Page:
Image: a narrow swath of a suburban intersection is illuminated by a street lamp; otherwise everything is enveloped in darkness.
Photo by Ian Noble on Unsplash

Today’s post is by author and editor Lynn Schmeidler (@lynnschmeidler).

On New Year’s Day, during my senior year of college, a gruesome double murder took place in my hometown. The couple stabbed to death in their sleep lived across the street from my aunt and uncle, around the corner from my childhood best friend, doors down from where another old friend grew up.

Like everyone else in the town, I was shocked and frightened by the news. Although fingerprints were left all over the house, no match for them was found. Time passed but the case remained unsolved. The theory: it was a drug crime. The victims were doctors, so someone in search of drugs followed them home on the commuter train, and something went terribly wrong.

Four years later, when a suspect was finally arrested, my connection to the murders became even closer: the young man indicted was the quiet boy from the back row of my fourth-grade class. I was shocked all over again.

The case was big news, not only for those of us with connections to the town, but for the courts as well: the defendant confessed within the supposed guarantee of confidentiality of an AA meeting. He had been drunk; the murder took place in his childhood home; he thought he was killing his parents.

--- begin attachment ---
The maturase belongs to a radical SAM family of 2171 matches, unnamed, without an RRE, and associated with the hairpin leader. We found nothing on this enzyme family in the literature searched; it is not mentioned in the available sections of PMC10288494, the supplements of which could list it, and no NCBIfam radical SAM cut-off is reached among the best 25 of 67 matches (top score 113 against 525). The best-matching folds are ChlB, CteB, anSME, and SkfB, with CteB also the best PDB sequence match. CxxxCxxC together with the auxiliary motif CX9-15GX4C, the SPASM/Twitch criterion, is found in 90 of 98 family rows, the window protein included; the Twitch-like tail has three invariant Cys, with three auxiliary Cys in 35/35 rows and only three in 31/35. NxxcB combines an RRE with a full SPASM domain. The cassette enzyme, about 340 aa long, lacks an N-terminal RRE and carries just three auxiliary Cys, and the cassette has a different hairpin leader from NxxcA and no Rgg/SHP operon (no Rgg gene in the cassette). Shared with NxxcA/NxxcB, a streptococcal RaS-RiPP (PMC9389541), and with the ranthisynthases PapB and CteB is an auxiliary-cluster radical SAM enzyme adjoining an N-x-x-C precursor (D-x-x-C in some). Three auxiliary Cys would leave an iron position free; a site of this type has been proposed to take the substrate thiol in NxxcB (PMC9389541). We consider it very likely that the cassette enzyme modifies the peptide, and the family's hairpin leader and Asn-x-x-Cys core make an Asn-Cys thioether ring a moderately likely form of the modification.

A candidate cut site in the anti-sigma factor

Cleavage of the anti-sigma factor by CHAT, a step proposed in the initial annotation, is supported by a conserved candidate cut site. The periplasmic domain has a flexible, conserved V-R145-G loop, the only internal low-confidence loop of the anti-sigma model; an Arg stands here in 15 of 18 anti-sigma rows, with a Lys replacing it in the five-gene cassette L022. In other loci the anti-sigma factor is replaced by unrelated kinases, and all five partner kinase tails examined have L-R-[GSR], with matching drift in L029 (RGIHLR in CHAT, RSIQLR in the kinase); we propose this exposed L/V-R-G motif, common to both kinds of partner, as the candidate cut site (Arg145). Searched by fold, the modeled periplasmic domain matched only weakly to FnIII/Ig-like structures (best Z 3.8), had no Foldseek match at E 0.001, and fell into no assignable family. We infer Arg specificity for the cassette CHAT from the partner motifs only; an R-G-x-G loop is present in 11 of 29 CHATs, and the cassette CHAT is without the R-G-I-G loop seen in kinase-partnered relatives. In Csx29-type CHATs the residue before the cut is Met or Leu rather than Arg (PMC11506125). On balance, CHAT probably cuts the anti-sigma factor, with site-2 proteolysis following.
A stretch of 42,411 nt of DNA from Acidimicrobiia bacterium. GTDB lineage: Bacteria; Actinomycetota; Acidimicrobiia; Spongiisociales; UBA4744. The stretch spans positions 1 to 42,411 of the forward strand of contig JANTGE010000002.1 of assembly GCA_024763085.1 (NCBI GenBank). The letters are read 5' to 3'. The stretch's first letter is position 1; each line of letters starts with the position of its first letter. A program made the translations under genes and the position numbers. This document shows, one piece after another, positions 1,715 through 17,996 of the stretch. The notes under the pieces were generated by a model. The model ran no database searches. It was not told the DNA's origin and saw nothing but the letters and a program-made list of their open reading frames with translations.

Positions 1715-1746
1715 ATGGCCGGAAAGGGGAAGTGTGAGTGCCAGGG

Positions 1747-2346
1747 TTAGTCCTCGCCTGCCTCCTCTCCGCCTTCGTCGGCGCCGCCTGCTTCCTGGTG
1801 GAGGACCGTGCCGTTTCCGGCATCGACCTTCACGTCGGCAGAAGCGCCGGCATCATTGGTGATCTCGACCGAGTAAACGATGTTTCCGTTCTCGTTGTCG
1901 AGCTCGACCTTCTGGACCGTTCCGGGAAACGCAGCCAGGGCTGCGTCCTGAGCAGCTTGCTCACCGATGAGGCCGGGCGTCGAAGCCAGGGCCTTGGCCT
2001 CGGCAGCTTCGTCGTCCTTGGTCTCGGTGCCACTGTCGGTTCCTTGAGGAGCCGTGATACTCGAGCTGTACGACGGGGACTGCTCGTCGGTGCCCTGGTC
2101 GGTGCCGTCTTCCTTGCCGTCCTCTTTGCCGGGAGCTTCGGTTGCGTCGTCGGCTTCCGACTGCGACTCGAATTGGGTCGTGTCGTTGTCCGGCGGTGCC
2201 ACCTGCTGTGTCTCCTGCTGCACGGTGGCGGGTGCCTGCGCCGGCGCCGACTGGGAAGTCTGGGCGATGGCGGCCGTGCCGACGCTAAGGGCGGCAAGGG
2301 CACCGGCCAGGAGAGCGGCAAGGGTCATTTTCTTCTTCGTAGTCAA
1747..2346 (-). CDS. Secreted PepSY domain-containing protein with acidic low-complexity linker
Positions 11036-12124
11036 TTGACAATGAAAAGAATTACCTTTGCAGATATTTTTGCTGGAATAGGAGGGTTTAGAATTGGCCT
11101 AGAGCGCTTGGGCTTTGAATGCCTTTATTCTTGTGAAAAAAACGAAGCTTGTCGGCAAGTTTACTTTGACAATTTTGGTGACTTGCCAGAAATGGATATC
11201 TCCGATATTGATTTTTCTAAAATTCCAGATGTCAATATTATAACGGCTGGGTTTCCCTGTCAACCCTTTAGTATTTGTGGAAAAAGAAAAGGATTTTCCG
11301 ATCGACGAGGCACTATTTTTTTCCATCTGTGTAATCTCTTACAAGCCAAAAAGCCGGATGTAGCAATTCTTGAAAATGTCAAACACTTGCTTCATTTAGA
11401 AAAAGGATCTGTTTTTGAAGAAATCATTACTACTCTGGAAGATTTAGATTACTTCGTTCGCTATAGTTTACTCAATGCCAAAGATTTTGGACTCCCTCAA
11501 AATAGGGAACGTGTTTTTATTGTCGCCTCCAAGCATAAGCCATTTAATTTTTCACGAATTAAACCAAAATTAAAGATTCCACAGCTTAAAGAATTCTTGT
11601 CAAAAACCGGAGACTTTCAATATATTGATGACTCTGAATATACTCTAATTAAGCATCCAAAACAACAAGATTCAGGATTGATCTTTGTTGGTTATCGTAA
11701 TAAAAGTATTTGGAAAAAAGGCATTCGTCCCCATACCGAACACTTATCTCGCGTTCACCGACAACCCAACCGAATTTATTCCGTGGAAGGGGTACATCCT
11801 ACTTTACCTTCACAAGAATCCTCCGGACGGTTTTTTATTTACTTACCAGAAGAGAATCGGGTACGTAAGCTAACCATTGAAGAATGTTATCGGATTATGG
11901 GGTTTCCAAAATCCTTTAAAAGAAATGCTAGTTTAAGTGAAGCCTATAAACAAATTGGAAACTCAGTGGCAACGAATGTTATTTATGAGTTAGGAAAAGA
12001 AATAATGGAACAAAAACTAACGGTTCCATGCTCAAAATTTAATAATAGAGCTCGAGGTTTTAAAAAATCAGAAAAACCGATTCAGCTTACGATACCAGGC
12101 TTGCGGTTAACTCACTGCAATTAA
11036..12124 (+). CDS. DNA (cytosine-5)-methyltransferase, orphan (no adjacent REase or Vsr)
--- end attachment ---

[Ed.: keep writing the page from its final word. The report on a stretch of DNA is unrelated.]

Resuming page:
I couldn’t stop thinking about his childhood—what went on in that home that would drive him, in a drunken rage years later, to murder his own parents. And also what it was like for his parents, defending the son who the world knows tried to … meant to … did! kill them. And was he one of the boys I briefly crushed on in fourth grade?

I encourage my writing students to take their obsessions seriously, to follow them, delve into them. What we obsess about is our material. The story of the murders obsessed me. Because it took place in my hometown. Because I grew up with the man who committed the murders. Because the victims were not the intended victims. Because the intended victims were the parents of the man who killed them. The story of the murders, though, had already been told in countless news articles. Even in an episode of Law and Order. My task, then, was to find a way to tell my fiction about the facts.

So I went back to what the story did to me. It destabilized me. I could relate to everyone in the story—the dead, the convicted, the relatives of the dead, the intended dead. Then I asked myself: what else destabilizes me? Contemporary art—its rawness and its familiarity; secrecy—its power to protect and its certainty to betray; #metoo stories—their ubiquity and their endless ability to enrage.

Through the expanded field of these other concerns, I found my way into my own telling of the story: in “The Audio Guide,” a young, female museum intern takes revenge on the museum director (an older married man who seduced her and ditched her) by recording an explicit, tell-all narration for visitors to a disturbing art exhibit inspired by the double murders.